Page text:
The two main slave castles became the attraction for African Americans and people of African descent, who made the journey and wanted to connect with horrors of slavery.
Among some high-profile American rappers and Hollywood stars who thronged the dungeons were Ludacris and T.I, Kenyan actress Lupita Nyong’o, Samuel L. Jackson, British model Naomi Campbell and more.
Also to have visited were the Speaker of US House of Representatives Nancy Pelosi and Members of the Congressional Black Caucus. Karen Bass, Leader of the
Congressional Black Caucus, told reporters after the visit that: “We have come here to the castle as African-Americans to the dungeons to see what happened to our ancestors before they left here and embarked on the treacherous journey to the United States to begin a period of 250 years of enslavement.”
Important as the visits were to the country’s tourism, the unfortunate aspect was that they took place in only two castles: leaving the rest orphaned and starved. Imagine spreading some of those visits to other forts and castles and what that would have meant to the local economy. Unfortunately, those in charge of managing the wellbeing of these forts and castles either failed to market them as preferred destinations for visitors or left them buried in forgotten spaces.
A typical example of such fort seemingly forgotten and left to rot fort is Fort Vernon in Prampram. Built in 1742 by the Royal African Company to facilitate the slave trade, it was rebuilt by the British in 1806 after the Danes had destroyed it. Today, the fort has become a home where fishermen and fishmongers hide their working tools away from the preying eyes of petty thieves. The cracks keep widening by the day. Apart from a nice “Prampram We Dey” graffiti which has become an attraction for onlookers, most parts of the building have been splashed with political campaign posters. Others have also turned it into their defecating spot. A monument of such magnitude that has the capacity of adding to the value of local tourism in the fishing community, remains a forgotten relic.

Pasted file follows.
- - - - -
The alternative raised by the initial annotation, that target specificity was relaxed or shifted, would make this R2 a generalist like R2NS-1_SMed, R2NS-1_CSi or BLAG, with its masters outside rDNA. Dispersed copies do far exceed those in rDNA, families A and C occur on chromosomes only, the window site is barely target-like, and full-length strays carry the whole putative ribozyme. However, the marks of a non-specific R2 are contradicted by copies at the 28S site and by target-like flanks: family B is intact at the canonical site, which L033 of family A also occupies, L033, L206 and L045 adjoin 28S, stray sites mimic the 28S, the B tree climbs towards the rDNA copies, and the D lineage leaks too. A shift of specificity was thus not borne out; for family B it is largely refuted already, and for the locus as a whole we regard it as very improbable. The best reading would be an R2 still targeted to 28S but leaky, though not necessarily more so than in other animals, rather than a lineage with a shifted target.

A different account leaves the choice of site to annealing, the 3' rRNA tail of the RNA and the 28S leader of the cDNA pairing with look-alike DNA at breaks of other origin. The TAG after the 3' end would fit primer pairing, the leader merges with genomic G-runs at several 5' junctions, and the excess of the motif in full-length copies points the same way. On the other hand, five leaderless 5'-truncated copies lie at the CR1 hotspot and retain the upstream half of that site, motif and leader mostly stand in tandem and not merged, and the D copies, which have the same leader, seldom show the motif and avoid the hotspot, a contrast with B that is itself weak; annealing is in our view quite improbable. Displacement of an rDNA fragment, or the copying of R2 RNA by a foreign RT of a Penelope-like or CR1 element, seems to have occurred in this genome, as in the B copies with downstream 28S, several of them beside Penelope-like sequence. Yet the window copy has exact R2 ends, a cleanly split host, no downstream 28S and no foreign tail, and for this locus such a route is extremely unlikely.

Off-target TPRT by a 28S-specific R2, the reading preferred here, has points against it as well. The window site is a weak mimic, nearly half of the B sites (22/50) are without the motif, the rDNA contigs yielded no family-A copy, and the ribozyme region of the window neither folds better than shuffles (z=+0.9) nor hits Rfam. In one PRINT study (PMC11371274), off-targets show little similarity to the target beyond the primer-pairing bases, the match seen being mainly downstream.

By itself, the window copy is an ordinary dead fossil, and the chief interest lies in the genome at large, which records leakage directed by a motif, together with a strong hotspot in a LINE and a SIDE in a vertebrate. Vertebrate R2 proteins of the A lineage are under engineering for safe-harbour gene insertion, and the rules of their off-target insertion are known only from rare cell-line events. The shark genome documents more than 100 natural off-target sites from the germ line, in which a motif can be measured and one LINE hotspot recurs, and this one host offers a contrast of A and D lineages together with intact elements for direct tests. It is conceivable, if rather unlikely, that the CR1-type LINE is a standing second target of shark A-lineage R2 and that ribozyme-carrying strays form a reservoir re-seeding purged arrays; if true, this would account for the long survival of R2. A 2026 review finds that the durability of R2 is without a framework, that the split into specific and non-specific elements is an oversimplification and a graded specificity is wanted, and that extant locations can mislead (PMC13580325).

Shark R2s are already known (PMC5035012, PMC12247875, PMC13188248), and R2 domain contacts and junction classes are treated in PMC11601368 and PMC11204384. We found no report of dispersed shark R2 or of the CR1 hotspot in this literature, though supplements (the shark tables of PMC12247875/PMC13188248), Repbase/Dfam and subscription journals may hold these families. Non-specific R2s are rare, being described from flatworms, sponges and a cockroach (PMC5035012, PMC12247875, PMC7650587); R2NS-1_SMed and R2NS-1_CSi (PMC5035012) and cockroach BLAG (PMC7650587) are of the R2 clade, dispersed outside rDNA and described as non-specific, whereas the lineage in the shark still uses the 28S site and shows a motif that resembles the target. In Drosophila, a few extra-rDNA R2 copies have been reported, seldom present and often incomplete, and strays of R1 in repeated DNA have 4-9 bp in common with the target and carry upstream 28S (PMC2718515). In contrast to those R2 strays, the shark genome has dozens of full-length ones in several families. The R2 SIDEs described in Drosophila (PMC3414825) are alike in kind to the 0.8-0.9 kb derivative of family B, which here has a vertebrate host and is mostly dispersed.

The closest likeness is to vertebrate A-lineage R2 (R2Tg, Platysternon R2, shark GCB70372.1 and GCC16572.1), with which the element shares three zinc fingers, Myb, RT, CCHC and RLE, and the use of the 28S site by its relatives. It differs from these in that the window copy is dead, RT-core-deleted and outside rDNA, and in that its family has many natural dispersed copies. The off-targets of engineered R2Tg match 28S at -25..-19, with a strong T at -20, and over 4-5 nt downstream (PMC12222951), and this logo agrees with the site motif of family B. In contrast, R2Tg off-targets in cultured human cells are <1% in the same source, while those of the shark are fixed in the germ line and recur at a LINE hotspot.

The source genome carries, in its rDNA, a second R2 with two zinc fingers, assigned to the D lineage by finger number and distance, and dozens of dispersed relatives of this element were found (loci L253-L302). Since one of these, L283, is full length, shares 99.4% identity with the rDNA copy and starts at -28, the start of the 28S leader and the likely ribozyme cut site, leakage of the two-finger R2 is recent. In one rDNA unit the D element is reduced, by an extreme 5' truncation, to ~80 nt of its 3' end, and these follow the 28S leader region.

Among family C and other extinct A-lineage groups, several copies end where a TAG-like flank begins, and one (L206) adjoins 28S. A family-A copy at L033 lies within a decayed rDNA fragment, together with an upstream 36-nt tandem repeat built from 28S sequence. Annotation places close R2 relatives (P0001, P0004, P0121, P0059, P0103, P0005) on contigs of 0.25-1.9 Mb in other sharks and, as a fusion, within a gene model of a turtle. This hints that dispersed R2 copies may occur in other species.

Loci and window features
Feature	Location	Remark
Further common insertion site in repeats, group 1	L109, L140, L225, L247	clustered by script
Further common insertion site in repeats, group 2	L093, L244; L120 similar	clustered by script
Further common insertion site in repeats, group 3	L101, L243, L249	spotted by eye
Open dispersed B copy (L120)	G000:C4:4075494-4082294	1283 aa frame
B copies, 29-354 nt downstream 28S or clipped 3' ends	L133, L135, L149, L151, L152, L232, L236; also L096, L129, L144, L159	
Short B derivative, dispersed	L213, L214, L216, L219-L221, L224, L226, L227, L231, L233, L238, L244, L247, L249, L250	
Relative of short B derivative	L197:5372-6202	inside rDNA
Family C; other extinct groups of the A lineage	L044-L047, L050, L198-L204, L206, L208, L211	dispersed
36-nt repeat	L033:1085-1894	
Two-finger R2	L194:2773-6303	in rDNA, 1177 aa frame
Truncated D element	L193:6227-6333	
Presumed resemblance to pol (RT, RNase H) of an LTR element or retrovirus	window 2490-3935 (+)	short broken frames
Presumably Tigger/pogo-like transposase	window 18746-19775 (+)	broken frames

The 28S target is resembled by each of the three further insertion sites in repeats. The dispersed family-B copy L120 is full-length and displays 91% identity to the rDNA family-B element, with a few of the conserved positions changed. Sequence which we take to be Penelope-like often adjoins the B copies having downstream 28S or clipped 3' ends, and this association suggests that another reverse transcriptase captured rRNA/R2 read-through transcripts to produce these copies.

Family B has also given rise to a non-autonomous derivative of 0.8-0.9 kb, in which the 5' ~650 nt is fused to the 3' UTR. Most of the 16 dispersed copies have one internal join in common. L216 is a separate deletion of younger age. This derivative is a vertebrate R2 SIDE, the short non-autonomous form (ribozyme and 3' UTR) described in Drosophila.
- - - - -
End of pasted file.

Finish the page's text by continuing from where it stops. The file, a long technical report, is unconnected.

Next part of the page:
Another fort overlooking the Atlantic Ocean is Fredensborg in the town of Old Ningo, near Prampram. Built in 1734 by the Danes for slave trade, it is broken into pieces with several parts lying few metres away from each other. The cannon balls which were used by the Danish traders to defend the building against outside invasion from sea, has become a resting stool for lovers.
These two former slave forts are just two examples of the many forgotten forts and castles which when refurbished and improved, by the Ghana Museum and Monuments Board, as well as the relevant agencies overseeing tourism in the country, can boost domestic tourism through academic research, sites visitations, artistic performances and more.
PS: Grateful to Yaw Pare and his team for the images from his coffee book.
Anny Osabutey (PrampramFisherman) is an avid country traveler, broadcast journalist, writer, documentarian, amateur filmmaker/photographer and Co-founder of the Prampram Tourism Centre.